It is not surprising that traumatic events from childhood can have lasting effects, and perhaps few people know that better than mental health professionals.
“Adverse childhood events are prevalent – even in the general population, they are not rare events,” Joshua P. Mersky, PhD, a professor at the Jane Addams College of Social Work at the University of Illinois at Chicago, who has co-authored numerous studies on the topic, told Psychiatry Advisor. Not surprisingly, “clients who present for mental health services are even more likely to have been exposed to significant adversity.”
Until recent years, however, there has not been a focused effort to track the long-term impact of childhood adversity on subsequent health and functioning in adulthood. The original Adverse Childhood Experiences (ACE) study,1 published in the American Journal of Preventive Medicine in 1998, was the first such endeavor.
In the collaborative effort between the Centers for Disease Control and the Health Maintenance Organization Kaiser Permanente, nearly 10,000 patients completed standard medical exams and questionnaires regarding seven categories of ACEs, including various forms of abuse and family dysfunction. According to results, over half of patients reported an ACE in at least one category, and a fourth of patients had experienced an ACE in two or more categories.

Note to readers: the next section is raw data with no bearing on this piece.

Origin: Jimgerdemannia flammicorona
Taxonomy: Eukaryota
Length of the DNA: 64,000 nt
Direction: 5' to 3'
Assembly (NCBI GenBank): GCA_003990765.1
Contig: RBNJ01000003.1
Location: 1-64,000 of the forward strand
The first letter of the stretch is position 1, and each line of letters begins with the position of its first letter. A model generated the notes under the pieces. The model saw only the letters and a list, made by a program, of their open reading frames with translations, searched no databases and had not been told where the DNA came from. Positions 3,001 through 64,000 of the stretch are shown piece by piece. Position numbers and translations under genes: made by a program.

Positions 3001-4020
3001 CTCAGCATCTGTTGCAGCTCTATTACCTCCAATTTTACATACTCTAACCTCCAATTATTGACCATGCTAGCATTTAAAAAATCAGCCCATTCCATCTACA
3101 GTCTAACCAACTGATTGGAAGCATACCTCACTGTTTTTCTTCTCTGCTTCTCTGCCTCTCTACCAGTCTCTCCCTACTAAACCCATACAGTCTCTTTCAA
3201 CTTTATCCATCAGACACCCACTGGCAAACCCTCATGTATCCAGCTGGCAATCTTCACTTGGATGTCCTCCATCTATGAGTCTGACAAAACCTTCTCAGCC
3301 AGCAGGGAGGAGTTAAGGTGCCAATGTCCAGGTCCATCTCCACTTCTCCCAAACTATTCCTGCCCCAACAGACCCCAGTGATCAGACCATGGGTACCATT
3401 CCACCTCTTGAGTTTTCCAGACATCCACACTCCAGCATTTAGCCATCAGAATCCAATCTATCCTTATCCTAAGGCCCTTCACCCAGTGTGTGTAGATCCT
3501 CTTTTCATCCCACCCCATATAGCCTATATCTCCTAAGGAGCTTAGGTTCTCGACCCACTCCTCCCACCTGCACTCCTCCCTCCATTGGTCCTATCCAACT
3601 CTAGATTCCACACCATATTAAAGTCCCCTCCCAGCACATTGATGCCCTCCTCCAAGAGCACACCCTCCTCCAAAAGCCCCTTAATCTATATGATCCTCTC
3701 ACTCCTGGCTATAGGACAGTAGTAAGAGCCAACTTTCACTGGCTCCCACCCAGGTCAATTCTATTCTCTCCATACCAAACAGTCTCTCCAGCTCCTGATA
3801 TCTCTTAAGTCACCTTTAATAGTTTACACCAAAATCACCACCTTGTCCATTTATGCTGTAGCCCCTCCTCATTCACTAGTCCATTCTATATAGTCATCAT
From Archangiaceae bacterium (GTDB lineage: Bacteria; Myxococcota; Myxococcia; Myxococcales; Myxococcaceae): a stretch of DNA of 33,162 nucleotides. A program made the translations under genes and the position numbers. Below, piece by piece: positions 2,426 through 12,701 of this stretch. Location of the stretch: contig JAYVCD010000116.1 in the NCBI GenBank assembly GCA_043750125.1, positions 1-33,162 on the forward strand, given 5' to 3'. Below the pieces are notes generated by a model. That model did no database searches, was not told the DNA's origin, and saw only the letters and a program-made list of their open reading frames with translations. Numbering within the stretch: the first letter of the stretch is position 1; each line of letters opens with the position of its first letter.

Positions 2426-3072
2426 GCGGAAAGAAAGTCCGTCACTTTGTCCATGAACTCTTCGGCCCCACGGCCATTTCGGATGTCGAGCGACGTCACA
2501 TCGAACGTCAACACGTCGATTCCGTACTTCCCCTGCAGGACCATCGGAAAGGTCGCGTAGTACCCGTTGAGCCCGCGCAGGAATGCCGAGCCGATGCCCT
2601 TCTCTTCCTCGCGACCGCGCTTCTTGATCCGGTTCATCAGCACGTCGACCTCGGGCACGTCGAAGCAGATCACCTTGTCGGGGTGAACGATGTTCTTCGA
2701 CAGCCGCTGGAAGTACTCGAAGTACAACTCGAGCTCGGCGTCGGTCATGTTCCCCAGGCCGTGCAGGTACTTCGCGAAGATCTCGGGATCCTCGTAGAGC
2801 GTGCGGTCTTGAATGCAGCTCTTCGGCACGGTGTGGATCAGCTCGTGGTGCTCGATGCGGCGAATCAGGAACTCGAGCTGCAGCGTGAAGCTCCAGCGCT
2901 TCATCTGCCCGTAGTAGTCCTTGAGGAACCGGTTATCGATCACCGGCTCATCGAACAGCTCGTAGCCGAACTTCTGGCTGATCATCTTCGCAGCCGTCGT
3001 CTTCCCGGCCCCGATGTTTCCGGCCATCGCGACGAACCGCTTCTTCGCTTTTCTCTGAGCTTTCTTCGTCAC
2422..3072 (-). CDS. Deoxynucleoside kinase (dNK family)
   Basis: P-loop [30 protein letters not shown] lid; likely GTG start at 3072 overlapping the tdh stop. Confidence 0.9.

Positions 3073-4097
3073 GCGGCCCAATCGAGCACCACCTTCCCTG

After adjusting for the effects of demographic factors, the researchers found a graded relationship between the number of ACE categories and the various health issues studied: Patients who reported multiple categories of ACEs had multiple health risk factors as adults.
Compared to those who had experienced none of the ACE categories, patients who reported four or more such categories had between four and 12 times the risk for drug and alcohol abuse, depression and suicide attempts, as well as increased risk for many leading causes of death, such as heart disease and cancer.
“Many different forms of trauma can lead to dysfunction, and there is a dose-response relationship between trauma and dysfunction,” said Mersky. “That is, all else equal, the more types of adversity you experience and the longer you are exposed to adversity, the worse your outcomes tend to be.”
Since the original ACE paper was published, subsequent studies have linked ACEs with higher risk of premature death, 2, 3 and others have investigated different dimensions of ACE-adult health relationship. Although participants in the original study had an average age of 56 years and were predominantly white, a 2013 study4 by Mersky and colleagues investigated the long-term effects of ACEs in a minority sample of young adults.
They found that higher levels of childhood adversity were linked with “poorer self-rated health and life satisfaction, as well as more frequent depressive symptoms, anxiety, tobacco use, alcohol use, and marijuana use.” Again, there was a cumulative effect: Participants who had experienced multiple ACEs, for instance, were more likely than non-ACE participants to have three or more negative outcomes.